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Young's bill to amend Affordable Care Act passes House


By Michael Auslen





It’s the latest attempt by Republicans in the U.S. House of Representatives to change or repeal part of the ACA, commonly called Obamacare. Young’s bill, called the Save American Workers Act, seeks to raise the ACA’s definition of full-time employment from 30 hours per week to 40 hours per week.

“We just recognized this is going to be a problem,” Young said. “We knew that would be painful to lower-income and middle-income Americans during a down economy.”

The 30-hour definition of a full-time worker is part of the employer mandate, the part of the ACA that requires employers to provide health benefits for full-time employees with the goal of increasing employer-funded health care.

Young said the problem is some employers are reducing hours rather than funding health care for employees working between 30 and 40 hours per week.

“I’ve been hearing from a lot of hourly workers in particular,” Young said. “They’re unhappy with this provision. Some have spoken quite candidly with employers about this. Others believe they’ve already had their hours reduced as a result.”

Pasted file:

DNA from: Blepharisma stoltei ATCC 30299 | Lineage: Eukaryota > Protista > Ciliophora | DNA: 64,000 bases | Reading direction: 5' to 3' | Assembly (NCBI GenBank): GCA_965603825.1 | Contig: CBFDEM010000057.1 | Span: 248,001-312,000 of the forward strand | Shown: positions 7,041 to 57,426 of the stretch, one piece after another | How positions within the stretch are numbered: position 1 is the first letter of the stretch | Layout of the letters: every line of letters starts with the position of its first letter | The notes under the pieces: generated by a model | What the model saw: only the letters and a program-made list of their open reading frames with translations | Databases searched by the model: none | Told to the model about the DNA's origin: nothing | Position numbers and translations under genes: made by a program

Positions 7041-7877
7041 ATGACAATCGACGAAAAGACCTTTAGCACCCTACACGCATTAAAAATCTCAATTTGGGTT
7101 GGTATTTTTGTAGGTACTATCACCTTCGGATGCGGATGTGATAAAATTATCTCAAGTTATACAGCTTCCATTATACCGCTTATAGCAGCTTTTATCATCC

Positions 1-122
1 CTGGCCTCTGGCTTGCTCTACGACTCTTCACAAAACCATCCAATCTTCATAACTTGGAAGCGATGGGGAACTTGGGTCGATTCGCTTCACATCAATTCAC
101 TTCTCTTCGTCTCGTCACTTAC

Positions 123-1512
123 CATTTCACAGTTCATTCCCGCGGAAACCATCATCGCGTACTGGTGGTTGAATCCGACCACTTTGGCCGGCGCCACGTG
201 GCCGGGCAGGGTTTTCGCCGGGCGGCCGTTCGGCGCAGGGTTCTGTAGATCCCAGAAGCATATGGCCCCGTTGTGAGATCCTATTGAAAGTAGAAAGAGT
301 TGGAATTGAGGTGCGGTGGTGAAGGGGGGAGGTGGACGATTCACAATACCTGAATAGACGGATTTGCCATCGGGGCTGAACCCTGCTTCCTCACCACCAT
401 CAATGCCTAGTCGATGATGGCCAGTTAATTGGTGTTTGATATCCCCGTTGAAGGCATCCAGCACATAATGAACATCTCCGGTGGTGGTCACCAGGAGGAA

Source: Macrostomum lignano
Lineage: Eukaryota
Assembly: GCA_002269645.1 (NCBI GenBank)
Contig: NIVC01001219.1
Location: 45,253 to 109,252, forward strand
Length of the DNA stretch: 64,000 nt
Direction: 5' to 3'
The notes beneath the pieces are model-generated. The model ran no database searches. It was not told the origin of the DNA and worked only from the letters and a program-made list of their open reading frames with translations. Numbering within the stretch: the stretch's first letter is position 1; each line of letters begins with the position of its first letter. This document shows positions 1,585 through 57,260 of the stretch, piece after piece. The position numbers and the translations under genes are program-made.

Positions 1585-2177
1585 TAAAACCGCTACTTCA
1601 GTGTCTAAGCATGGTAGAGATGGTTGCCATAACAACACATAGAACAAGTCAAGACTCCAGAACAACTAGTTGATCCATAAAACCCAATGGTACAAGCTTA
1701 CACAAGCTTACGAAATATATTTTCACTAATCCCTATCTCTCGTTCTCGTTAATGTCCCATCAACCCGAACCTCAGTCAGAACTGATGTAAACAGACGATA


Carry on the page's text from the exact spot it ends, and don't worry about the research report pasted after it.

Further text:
If passed, the Save American Workers Act would reduce the number of people receiving health care coverage from their employers by about one million.

It could also increase federal government spending on Medicare and other health programs by as much as $7 billion in the next five years, according to estimates from the Congressional Budget Office.

IU has implemented policies that limit part-time employees to 29 hours per week. Similarly, Ivy Tech Community College President Thomas Snyder, testifying before Congress in January, said the community college has cut back on hours for thousands of its adjunct professors.

Although Young’s bill passed the Republican-controlled House, precedent indicates it will likely struggle in the Democrat-controlled Senate.

An analysis by POLITICO Magazine in January showed that House Republicans have tried about 50 times to repeal or dramatically change the ACA. Young has supported many such bills.

“Those bills have not received a floor vote in the U.S. Senate,” he said. “I don’t know what decisions the Democratic leadership in the Senate will take with respect to this
legislation.”

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